The ASUS N10 is a 10.2-inch widescreen notebook featuring an Nvidia 9300m GS graphics card. Based on the Intel Atom chipset, the N10 is technically a netbook, but ASUS claims the N10 is a notebook due to its large keyboard, track pad and power. Dropping the Eee PC tag was the first step but does this netbook deserve to be called an ultra-portable notebook?
Aimed at the business sector, the ASUS N10 comes in a sleek light gold color and can be bought through a retailer or reseller. Buying it from a retailer will limit your choices as upgrading memory and/or hard drives or any other component will void the warranty. Buying through an reseller may let your configure components such as the memory and hard drive. It is just as customizable as any other netbook.
For this review I will be reviewing the ASUS N10JC. It was purchased at Yodobashi Camera Akihabara (retail) in Japan for \64800 ($706). Prices will vary depending on retailers and reseller.
- Screen: 10.2” WSVGA (1024 x 600) Glossy LED, w/Ambient Light Sensor
- Processor: Intel Atom N270 processor at 1.66Ghz
- Graphics: Intel Graphics Media Accelerator 950
- Nvidia 9300m GS 256MB DDR2
- Memory: 1GB DDR2 PC-5300 667
- Hard Disc: 160GB 5400 rpm w/Freefall Sensor (Seagate)
- Wireless: Atheros AR92X Wireless Network Adapter (A/B/G/N), Bluetooth V2.0 + EDR
- Optical Drive: N/A
- Ports and Slots: 3 USB 2.0, HDMI,VGA monitor out, headphone jack, microphone input, 8-in-1 SD card reader (SDHC compatible), Kensington lock slot, Ethernet 10/100, ExpressCard/34, Microphone-in, and Line-out/ S/PDIF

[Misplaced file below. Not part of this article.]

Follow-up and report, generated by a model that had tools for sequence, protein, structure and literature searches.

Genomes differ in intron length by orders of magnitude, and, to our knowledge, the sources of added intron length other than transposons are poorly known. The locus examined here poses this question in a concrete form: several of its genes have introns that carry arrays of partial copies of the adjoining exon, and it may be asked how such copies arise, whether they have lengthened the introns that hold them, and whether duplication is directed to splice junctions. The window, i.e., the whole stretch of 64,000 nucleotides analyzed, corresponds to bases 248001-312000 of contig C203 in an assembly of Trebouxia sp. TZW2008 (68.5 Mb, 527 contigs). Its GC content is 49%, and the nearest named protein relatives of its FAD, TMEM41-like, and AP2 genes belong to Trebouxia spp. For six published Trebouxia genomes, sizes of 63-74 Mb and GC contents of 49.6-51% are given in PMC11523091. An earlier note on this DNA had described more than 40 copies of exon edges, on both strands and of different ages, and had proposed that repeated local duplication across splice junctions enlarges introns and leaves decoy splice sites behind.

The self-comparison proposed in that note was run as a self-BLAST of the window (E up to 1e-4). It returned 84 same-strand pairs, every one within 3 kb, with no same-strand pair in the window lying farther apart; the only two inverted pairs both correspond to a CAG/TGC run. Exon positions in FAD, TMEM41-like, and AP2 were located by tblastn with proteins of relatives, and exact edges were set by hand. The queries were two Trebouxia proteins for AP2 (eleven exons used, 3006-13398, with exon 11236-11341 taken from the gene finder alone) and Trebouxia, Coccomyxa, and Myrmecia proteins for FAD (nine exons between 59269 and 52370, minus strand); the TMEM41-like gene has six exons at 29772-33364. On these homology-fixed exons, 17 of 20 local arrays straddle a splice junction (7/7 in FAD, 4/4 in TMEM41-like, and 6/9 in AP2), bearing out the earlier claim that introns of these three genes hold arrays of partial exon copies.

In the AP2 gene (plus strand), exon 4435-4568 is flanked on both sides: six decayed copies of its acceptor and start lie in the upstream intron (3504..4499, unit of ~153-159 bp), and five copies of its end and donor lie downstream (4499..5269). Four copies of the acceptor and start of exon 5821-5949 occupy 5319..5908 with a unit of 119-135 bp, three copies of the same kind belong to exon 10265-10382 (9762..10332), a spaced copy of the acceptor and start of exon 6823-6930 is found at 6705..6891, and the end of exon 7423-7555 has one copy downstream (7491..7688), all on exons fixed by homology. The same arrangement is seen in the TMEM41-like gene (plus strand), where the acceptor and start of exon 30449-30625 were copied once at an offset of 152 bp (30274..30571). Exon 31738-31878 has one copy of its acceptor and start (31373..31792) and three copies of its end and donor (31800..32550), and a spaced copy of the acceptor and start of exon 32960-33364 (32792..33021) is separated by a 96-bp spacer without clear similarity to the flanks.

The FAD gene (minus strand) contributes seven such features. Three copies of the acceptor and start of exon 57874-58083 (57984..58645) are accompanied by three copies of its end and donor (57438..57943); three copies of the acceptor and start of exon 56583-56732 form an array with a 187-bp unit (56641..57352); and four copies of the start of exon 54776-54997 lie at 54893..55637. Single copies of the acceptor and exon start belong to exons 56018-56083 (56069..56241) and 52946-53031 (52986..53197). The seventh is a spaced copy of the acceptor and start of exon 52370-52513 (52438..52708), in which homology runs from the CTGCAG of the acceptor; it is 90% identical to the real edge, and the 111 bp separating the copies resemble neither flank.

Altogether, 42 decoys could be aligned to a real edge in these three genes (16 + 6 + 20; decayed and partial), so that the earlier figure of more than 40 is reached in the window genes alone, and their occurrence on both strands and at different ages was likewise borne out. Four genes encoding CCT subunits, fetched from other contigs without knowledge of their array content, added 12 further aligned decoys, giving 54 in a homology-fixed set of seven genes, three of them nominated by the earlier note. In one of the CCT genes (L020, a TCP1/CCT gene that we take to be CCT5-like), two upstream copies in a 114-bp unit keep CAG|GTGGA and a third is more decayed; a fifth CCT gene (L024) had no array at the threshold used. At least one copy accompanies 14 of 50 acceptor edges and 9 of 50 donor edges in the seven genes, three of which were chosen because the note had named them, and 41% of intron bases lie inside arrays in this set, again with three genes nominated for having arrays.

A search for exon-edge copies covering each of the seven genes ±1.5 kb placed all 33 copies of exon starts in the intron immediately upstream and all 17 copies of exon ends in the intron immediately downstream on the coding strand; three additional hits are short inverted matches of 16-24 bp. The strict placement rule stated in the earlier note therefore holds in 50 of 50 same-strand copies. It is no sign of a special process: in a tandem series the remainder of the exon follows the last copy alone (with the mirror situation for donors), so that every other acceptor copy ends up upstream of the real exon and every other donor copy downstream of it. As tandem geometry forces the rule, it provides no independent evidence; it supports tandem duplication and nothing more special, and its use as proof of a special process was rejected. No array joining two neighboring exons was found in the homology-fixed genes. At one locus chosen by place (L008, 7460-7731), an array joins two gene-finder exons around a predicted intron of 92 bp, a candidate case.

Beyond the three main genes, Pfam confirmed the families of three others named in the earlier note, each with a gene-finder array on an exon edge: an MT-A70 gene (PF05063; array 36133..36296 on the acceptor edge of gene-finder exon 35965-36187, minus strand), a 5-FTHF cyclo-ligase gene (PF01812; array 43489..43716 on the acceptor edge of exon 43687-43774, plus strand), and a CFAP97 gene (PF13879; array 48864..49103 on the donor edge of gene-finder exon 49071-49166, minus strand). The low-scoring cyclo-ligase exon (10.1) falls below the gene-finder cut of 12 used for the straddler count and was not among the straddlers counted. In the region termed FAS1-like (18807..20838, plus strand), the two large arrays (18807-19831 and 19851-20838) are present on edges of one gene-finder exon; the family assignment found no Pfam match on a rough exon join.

- Operating System: Windows XP Home SP3 + Express Gate.
- Features: Built in 1.3Mp Camera/Microphone/Fingerprint reader
- Battery: 11.1v 4800mAh 53Wh 6 Cell Lithium
- Dimensions: 27.6 cm (W) x 19.5 cm (D) x 2.99-3.71 cm (H)
- Weight: 1.40 kg with 3-cell battery
- Warranty: 2-Year Limited Global Warranty
Build and Design
The N10 shouts class. Like a drop top Phantom it demands attention while providing tranquility and comfort. The champagne gold has sparkle and shine which is accented by a chrome-looking hinge area and touchpad buttons. The gold follows suit with the black bezel with a high-gloss design which is a magnet for dust and fingerprints. The blue status lights are a bit off during the day but when dark out they give the notebook a gaming edge.
The N10 feels solid like a small notebook should. It can be held by one hand though it is heavier, bigger and thicker than a traditional netbook. The chassis is composed completely of plastic.
Bottom to top: Vostro 1500, Asus N10,
Casio EX-word XD-SP6700, Sharp 922SH
15.4”, 10.2”, 4.9”, and 3.5” Screens
The screen when twisted does flex but is easily in the acceptable range and does beat out many notebooks. A downside is the N10 was designed without a latch to keep the lid closed. The hinges feel like they move a little too easily but at the end of the day unless shaken vigorously the screen holds the angle you set it at.
Like a business notebook the battery sticks out the back rather than underneath like other 10.2 inch notebooks. Nevertheless the major upset for me in the build quality was the battery. When I had opened the notebook from its packaging the battery had been chipped and taped up by the factory. I received a replacement and learned how it could have been chipped during shipping even while packed protectively. After receiving the replacement battery I had dented it with my hand. Yes, by grabbing the battery I had dented it. I am a strong guy but I should not be able to dent a notebook battery with my hand. I have honestly never seen such poor plastic on a PC component that is so essential to the notebook. I lack the words to describe how disappointed I am in the build of the battery.